Remember this Simpsons bit with Krusty about hemorrhoids and riding bikes?
That “I can ride a bike again!” idea jumps into my head a lot (more often than a person should really think about hemorrhoids…probably). I think about it in conjunction with that “It’s just like riding a bike” expression used to refer to an activity that, once learned, becomes so second nature that it can be engaged again without effort even if it’s been a long time since the last time you engaged the activity.
I’ve been improvising on stage since I was 12. Over the subsequent years I’ve learned a lot and logged a lot of hours on stage. You might think at this point – even if I were to step away from improv for a while – I could get on stage with anyone anywhere and it’d be “just like riding a bike.”
But then there are those damn hemorrhoids. Once you get decent at something you can get in your head about not wanting to fall back below that level of competence you’ve reached, and that fear actually undermines the effort. God forbid you start teaching so that every time you get on stage in front of students your mind goes to “putting your money where your mouth is” instead of putting your mind in the moment. And, heavens to Betsy, one day you’ll be on the old side of this young person’s hobby and you’ll feel that while you’re taking stage time those whippersnappers are thinking you should be put out to pasture. Hemorrhoids!
On top of that, you might be committing the worst sins of the old improviser: You and your team aren’t practicing and don’t have a coach. So you are feeling all the pressure in the world to succeed on stage and eschewing the thing that your ensemble needs to succeed.
Yes, “you” is “me.” These are my hemorrhoids, my sins. Riding a bike was hard.
But guess what? “I can ride a bike again!” And the fix? Preparation (H).
“Keep the Crazy,” some reply. Have more fun with a fun character. It’s a fine thought.
“Change the catalyst,” I say. The audience loves watching improvisers affected by imagined reality. When we heighten the reality we force the affected character into a heightened reaction. So when choosing who to heighten I think tagging out the catalyst is our best default.
But sometimes you change the Catalyst and keep the Crazy.
I love “the moment.” I love the way an authentic reaction to a moment -that in no way could have been preconceived – can connect with an audience for a big laugh.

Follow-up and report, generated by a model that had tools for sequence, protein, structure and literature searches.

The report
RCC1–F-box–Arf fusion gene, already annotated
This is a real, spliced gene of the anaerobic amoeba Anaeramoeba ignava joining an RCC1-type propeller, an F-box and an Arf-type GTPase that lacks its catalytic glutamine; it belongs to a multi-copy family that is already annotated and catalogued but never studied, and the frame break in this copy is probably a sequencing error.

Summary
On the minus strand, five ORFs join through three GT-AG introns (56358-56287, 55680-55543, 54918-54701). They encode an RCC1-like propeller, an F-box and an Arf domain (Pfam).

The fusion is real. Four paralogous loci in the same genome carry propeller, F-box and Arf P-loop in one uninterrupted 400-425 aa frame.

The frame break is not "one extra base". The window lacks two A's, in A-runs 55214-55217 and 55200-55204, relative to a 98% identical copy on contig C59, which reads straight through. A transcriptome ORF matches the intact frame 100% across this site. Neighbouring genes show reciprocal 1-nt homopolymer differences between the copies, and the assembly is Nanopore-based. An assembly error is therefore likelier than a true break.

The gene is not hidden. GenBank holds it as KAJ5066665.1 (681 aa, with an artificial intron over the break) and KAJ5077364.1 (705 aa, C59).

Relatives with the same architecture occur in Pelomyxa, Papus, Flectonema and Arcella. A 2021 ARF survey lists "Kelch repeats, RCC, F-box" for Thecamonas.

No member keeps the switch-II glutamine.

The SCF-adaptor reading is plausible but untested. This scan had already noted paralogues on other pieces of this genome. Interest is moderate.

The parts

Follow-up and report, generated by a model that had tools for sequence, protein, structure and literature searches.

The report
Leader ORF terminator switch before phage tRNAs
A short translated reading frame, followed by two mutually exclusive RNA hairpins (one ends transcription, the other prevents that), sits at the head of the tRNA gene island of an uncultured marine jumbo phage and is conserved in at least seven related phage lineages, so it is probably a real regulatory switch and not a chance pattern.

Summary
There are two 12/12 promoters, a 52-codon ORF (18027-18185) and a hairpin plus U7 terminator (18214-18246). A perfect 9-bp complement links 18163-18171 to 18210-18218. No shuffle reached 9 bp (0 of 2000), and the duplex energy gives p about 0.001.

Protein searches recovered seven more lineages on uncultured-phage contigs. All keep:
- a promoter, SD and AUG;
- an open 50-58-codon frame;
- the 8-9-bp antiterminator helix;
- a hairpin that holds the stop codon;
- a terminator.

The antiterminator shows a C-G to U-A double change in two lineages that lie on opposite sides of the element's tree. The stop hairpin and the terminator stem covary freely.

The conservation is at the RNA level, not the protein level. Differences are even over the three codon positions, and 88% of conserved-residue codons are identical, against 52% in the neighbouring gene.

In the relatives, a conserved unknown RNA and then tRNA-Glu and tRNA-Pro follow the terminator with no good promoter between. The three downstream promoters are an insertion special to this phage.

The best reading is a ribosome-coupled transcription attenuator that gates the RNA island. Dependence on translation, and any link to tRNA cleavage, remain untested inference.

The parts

And I LOVE when concentrated pattern play incorporates “the moment” to be something uniquely Improv As Improv Does Best, connecting the ensemble and the audience in a previously-unknowable, perfectly-found moment.
“An ensemble of players gets on stage without previously rehearsed lines or blocking and acts out, making up the show as they go along. The audience understands that this show is constructed from nothing before their eyes. In these aspects, improvisational performance differentiates itself from any other performance medium.”
One, the camera’s distance makes it hard for the viewer to really track the game in play.
Two, oh, man, looking for a drinking game? Watch me teach and drink every time I say, “Right.”
Three, My 3 Rules – like Kick The Duck, Red Rover – is a game played through iterations. With each iteration, students “get it” more and by the end are fully engaged in the mechanics and they’re laughing.
In the following post, I’m going to share some clips from that night’s video showing the iterative learning process. My hope is that it’ll serve as a teaching lesson, both through how I provide instruction between iterations and how students loosen up and learn as a result of the iterations.Continue reading →
It’s simple and fun. All Chapman has to do accept each addition with his character’s garbled, “That’s my thing…” The audience loves him for it! They know he’s getting put upon by his fellow players (literally by the end!) and they reward his acceptance and commitment with laughter.